Jump to content


participating member
  • Posts

  • Joined

  • Last visited

Contact Methods

  • Website URL

Profile Information

  • Location
    Okanagan Valley
  1. Earlier in the thread there was mention about what economic demographic should be targeted. There was some consensus that the promotion of Winnipeg culinary delights shouldn't be aimed too high. While this is a subject worthy of consideration it should not be the focus or limiting factor in creating a message. The 'peg scene should be inclusive and wide open. Let there me something for everyone. Don't dilute the product by going too low brow. The fact is: culinary tourism is seldom the domain of Joe and Mary Sixpack. You need some of that upper crust to build a loaf. You can quote me on that.
  2. Oh, man, don't be a wimp. Just drive, dammit.
  3. All good punters decide what their percentage is going to be and that's the target for their action. Good investors or bettors do their due diligence. They only wager on what they know. The lead-up to this extravaganza is the next four years. Start taking a look at the direct and indirect events that will be taking place. As new facilities come on line they will be playing host to a myriad of multi-level events: all will require food, beverage and entertainment in some capacity. Get some of this for your balance sheet each and every month. Target a certain percentage of your annual revenues to be from Olympic-connected activity and make sure you are in the loop. If you're not a VANOC groupie then forget about it. It's not going to fall in your lap. Events and their organizers over the next few years will take their orders and suggestions from VANOC so get connected if you think your operation will be in line for this kind of coin. Perhaps send some manbait or chicklure over to the office and seduce a secretary for all the secret files. AS FOR STAFF: Bonusing and incentives are a good idea. It's always a good idea not to treat your human resources as walking, talking Kleenex tissue. Do things to make them forget that they're first in line when owners start looking for ways to keep their leaky boats afloat. A wise financial advisor once told me that only way to get back at the BANKS for all their withering service fees was to own some bank. You buy the shares and get dividends. Since we are all going to get the bill for this party, why not start making some cash now to offset the financial hangover that will certainly arrive? Be a player! Buy into the VANOC bank and get some dividends. Do it right and you could be sitting in Maui watching the games on big screen (Better chance at seeing the action, instant replay, no traffic) Your staff can be working other joints for outrageous temporary rates.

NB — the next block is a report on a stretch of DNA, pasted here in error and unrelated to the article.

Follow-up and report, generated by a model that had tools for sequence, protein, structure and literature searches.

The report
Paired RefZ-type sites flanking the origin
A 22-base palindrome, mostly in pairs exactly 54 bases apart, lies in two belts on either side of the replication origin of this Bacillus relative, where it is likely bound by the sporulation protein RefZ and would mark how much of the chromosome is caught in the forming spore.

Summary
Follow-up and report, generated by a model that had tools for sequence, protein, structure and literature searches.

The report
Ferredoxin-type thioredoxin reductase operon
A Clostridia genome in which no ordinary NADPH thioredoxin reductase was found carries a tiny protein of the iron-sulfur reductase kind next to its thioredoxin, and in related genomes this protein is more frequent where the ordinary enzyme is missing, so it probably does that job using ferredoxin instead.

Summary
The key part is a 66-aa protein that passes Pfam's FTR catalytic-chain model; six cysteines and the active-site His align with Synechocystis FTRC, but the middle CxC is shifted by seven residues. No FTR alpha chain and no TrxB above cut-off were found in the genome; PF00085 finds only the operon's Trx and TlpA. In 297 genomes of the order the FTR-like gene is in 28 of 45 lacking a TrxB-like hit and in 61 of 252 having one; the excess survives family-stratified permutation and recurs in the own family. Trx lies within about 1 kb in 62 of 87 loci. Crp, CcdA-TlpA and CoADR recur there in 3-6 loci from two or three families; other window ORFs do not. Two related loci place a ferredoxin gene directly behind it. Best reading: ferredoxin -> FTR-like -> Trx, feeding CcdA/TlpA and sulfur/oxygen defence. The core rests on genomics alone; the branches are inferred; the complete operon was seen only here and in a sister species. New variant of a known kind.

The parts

4. It is true. Say what you want about the VQA program, the one thing it has accomplished over the past decade or so is a remarkable sales and education model. BC wine is selling in BC at levels only the biggest dreamers would have described in 1995. One of the reasons we don't export much: we can barely keep up with our domestic demand!
  5. I'll come back to the floor as a celebrity server or bartender but, gosh, my rate has skyrocketed!
  6. There will be a lot of development and expansion. Plenty of opportunists pitching a tent, raking some coin and heading out of town leaving some yawning chasms of vacancy. Hoard your cash and get ready for some cheap rents in 2011 and 2012. It'll be at least two years to recover from that mini-depression. Lease rates should plummet. Temporarily. Lots of Olive Garden/Red Lobster/Chili's/Applebee's/Outback stuff.
  7. That Oyster Bob... the guy has been at Joe's forever! I helped open the joint in 1985 with him. Somebody ought to name a restaurant after him. McDonald's brags about their billion burgers... how many oysters has Bob shucked? I'll have to keep Derek's name in my diner's rolodex - always good to have somebody on your side.
  8. Breeze

    Vineyard blog '06

    Wicked cool blog on forum-type thing I boosted that photo of the old vines newly pruned for my personal enjoyment.
  9. Back when we actually lived in Vancouver (Granville & the teens) it was Ouisi. Great for hangover Sundays when we had to get out of our tiny apartment. Only a couple blocks from home. Close to all the other stuff we liked to do on Granville. Great food, a lot of it spicy. My wife still recreates the Devil Fruit.
  10. Since way back in the last century, Earl's has been going to wine producers and custom blending or custom bottling large lots of wine with extended contracts. They arrange for the producer to sell it to the BCLDB at the agreed upon price and simultaneously order it from the LDB. So a wine that would normally appear on the gov's store shelves at $15 might be $8 or $9 to Earl's and then they can manipulate the "mark-up" factor. They're still making money.
  11. If you're heading through the Grand Forks area, save some space in the stomach for the Grand Forks Hotel and the Russian food. Very campy room. Service staff is just back from the gulag so they're a little withdrawn. Food is totally authentic and filling in a very stealthy way. Being a western Canadian WASP, I have rarely seen main courses (all of them) served in a pool of melted butter. I'm now in favour of this type of presentation. I also like the way you can get two or three days worth of calories in one sitting.
  12. Steamed milk and coffee. I like it. But my price threshold limits what I believe is value. I don't want a latte that's cheap and lousy, and I don't want a $5 latte, no matter how good.
  • Create New...